A prominent US Jewish leader is urging the Polish Catholic Church “to stand up to filthy antisemitic stereotypes”.

Driving the news

Earlier in December, German-owned retail giant OBI, Europe’s largest DIY and home improvements chain, caused controversy over the sale in Poland of portraits of Orthodox Jews counting gold coins.

Commenting on the ensuing fracas, Polish website Fakt24 observed that “the image of ‘the Jew and his money’ has taken root in Polish culture to such an extent that most of us have stopped paying attention to its negative connotations. On the contrary — it is treated as an amulet, which is hanged [sic] in the corridor to attract financial good fortune”.

Fakt24 continued: “Although today it is associated rather positively, it originates from the antisemitic stereotype of the Jew as exploiter, bloodsucker and fraudster”.

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A social media outcry led by Polish musician and advocate for the Ukrainian minority in Poland, Tomasz Sikora, led to OBI withdrawing the offending antisemitic portraits from sale.

OBI’s decision was welcomed by US national director emeritus of the Anti-Defamation League (ADL), Abraham Foxman, who said however that the Catholic Church should follow suit and likewise condemn “these filthy anti-Jewish products” and the stereotypes behind them.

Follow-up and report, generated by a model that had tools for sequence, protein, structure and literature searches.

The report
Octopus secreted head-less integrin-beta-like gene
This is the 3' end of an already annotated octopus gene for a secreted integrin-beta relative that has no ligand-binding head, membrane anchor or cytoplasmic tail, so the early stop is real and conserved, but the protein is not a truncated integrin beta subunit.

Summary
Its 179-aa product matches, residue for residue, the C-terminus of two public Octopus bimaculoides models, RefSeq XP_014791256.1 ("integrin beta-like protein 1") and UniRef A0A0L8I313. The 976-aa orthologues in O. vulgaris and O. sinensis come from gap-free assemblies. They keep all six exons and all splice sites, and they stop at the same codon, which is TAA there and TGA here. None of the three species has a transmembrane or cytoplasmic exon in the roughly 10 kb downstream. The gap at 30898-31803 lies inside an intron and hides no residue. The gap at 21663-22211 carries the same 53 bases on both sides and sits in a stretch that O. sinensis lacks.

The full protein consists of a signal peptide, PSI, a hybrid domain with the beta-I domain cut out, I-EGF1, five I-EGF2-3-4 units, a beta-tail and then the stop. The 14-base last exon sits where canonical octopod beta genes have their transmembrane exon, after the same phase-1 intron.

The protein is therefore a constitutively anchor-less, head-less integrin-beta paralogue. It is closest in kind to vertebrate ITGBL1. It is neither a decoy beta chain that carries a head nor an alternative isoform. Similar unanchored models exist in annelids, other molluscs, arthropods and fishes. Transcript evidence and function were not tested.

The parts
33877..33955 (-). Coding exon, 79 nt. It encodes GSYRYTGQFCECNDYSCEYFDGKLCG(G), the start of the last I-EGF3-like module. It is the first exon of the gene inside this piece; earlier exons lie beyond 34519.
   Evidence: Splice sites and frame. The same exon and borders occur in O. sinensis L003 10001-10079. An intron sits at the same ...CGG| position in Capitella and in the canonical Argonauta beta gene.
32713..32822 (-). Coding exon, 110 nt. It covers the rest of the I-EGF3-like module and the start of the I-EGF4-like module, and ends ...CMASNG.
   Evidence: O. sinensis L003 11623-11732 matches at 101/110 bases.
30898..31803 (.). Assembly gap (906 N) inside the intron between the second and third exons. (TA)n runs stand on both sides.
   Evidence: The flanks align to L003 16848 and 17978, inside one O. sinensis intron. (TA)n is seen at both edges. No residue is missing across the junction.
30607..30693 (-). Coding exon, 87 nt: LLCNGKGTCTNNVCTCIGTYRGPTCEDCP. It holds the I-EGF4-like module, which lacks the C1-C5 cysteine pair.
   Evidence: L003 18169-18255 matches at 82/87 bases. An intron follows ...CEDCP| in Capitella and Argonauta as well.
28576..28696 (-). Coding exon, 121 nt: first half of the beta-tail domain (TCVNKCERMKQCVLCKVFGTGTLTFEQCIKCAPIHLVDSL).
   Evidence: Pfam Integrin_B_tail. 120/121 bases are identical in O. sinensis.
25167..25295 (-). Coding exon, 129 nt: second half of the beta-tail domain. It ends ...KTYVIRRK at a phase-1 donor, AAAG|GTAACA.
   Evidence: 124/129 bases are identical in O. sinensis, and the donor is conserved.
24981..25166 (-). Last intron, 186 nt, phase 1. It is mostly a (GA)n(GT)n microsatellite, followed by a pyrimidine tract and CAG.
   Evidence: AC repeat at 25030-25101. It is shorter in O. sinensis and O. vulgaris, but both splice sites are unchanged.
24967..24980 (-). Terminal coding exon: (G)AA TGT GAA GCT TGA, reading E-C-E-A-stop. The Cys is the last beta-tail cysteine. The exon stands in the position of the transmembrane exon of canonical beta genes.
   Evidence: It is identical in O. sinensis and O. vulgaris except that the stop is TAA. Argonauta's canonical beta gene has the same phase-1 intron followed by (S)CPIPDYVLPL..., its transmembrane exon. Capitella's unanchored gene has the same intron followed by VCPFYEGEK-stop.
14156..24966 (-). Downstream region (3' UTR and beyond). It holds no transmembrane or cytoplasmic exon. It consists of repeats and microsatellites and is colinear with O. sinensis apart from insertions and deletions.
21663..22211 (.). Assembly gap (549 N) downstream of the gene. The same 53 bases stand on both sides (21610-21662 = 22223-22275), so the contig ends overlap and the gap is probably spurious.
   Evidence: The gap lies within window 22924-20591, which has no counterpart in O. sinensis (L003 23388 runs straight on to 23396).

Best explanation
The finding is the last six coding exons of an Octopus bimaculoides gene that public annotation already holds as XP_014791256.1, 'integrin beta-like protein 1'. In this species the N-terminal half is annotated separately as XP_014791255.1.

“I would like to appeal with all my heart to the Primate of Poland, Archbishop Wojciech Polak, to urge Polish bishops and priests to stand up to this phenomenon” of anti-Jewish hate, Foxman said.

“This is an old antisemitic stereotype that has resulted in the murder of Jews down the centuries. Let us stand in solidarity against this form of antisemitism”, the ADL director emeritus explained, adding that the present Christmas and Hanukkah holidays were the ideal time for the Church to extend support to Jews.

OBI’s decision to pull the antisemitic products needed to be met with the moral leadership of the Church, Foxman continued.

“The Church can play a very positive role”, the Jewish leader said.

“To say that this is a religious and moral wrong, I think that would go a long way”.

Why it matters

Just how deep antisemitic tendencies run in certain circles of the Polish Church was on display a fortnight ago when authorities arrested far-right leader and former priest Jacek Miedlar – once investigated for calling Jews a “cancer” in a sermon – in connection with an online manifesto that accuses Jews of betraying Poland after independence in 1918.

The Polish Bishops were also criticised in July for keeping silent about the desecration of a Jewish cemetery in the city of Tarnów.

The Polish episcopate is also embroiled in ongoing controversies over the restitution of properties to Holocaust survivors.

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